And so, within the mechanisms of vision are many mutual but simultaneous *perceptions of time*. sequential, global, memory looking back and imagination/modelling looking forward, all happening "at once". The experience of vision is like a kind of time machine, a timeless, or looped moment within ourselves, which we can dip into and experience, slightly, a more or less time-powered moment, variations on what 'now' is.
WHY DO I GET A GIDDY FEELING WHEN PRESSING AGAINST THE EDGES OF THE IDEA?
Perhaps this presentiment of the complex nature of consciousness, vision, time, self awareness, is why when I reach certain points of Albers book, Maslands book and McGilchrists, I get a kind of giddy feeling. That feeling when you are just on the borders of a great idea, the moment before something complex, difficult and indistinct synthesises inside your mind into a coherent whole.
This might just be the borders of my own stupidity.
Or am I pressing against the edge of REALITY ITSELF????
AM I SMART ENOUGH TO UNDERSTAND THIS STUFF?
Probably not really no.
Masland is pop-sci and at the deeper end I struggle.
Albers, god damn fucking Germanic Albers. First its a book of experiments really, that you are meant to perform, and I didn't. Didn't have the right stuff, time or will. And second he writes in this bloody art-school Germanic hyper-clear style, which because it is hyper clear and has only the correct info in it is fucking hard to get through. There is no pulse of info/blather for you brain to take a moment to recombine, instead its infoinfoinfoinfo.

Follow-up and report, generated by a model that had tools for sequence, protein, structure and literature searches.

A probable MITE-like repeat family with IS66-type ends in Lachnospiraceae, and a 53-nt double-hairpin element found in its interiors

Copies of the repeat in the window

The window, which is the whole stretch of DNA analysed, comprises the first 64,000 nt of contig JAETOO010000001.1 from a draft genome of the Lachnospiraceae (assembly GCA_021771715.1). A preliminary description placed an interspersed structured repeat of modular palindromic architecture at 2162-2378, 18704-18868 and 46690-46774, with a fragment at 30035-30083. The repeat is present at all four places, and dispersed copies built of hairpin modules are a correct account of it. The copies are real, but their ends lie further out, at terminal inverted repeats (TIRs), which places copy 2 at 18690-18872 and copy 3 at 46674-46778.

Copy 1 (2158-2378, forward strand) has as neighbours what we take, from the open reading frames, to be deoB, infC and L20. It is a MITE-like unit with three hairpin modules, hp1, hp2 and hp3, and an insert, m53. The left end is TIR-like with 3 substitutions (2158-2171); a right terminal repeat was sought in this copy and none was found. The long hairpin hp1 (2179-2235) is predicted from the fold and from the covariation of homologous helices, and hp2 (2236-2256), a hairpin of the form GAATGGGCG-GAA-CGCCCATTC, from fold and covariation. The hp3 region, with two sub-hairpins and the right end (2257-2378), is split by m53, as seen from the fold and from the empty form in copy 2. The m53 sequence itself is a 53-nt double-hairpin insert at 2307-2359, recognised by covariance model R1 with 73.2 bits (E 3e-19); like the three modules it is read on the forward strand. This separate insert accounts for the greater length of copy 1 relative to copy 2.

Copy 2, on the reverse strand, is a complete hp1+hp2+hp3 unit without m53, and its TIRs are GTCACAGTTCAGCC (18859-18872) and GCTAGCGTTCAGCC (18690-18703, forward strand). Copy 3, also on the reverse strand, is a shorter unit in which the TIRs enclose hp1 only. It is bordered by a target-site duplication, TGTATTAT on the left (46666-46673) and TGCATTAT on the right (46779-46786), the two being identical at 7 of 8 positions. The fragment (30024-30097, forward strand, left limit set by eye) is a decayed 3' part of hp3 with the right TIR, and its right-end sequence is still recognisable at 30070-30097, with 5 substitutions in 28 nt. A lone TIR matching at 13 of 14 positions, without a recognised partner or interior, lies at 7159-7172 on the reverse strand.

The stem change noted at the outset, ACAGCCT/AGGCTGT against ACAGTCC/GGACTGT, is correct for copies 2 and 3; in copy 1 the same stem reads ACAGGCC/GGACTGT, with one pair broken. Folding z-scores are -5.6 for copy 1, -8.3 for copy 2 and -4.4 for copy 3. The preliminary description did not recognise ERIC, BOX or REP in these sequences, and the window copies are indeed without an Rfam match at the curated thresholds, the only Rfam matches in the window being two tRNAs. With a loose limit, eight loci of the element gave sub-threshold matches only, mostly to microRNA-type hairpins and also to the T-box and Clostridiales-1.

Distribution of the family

Its one of the most interesting books on colour that I have ever read, but again, I found it a struggle, especially towards the end. There were effects and ideas that I found it hard to perceive, model and consider, and so I ended up somewhat, sweeping over the words in a fearful rush. Back in secondary school maths again! fuck!
COLOUR AND MASS, SHADE, SHINE, BRIGHTNESS AGGGHHHHHHH!
God fucking damn it brain, why you have to be so complex. All I wanted to understand was colour and mass.
Well, good news. Brain works out what shape and mass things are about 20 different ways at once. Edge detection and memory probably the most simple, though they exist at different ends of the binding/combining process (probably, we don't really know, and as I theorised above, 'different ends' likely doesn't make much sense in a temporarily fluid process with massive feedback loops).
Other ways - shade, light, texture, gleam, RELATIVE COLOUR. whoop de fucking do, all these things are changing massively, continually, always, depending on light, weather, perceptions, environment, background, movement between objects , movement WITHIN an object (which way will the Zebra jump - dunno as bunching muscles all fucked up by those dang stripes), and everything else.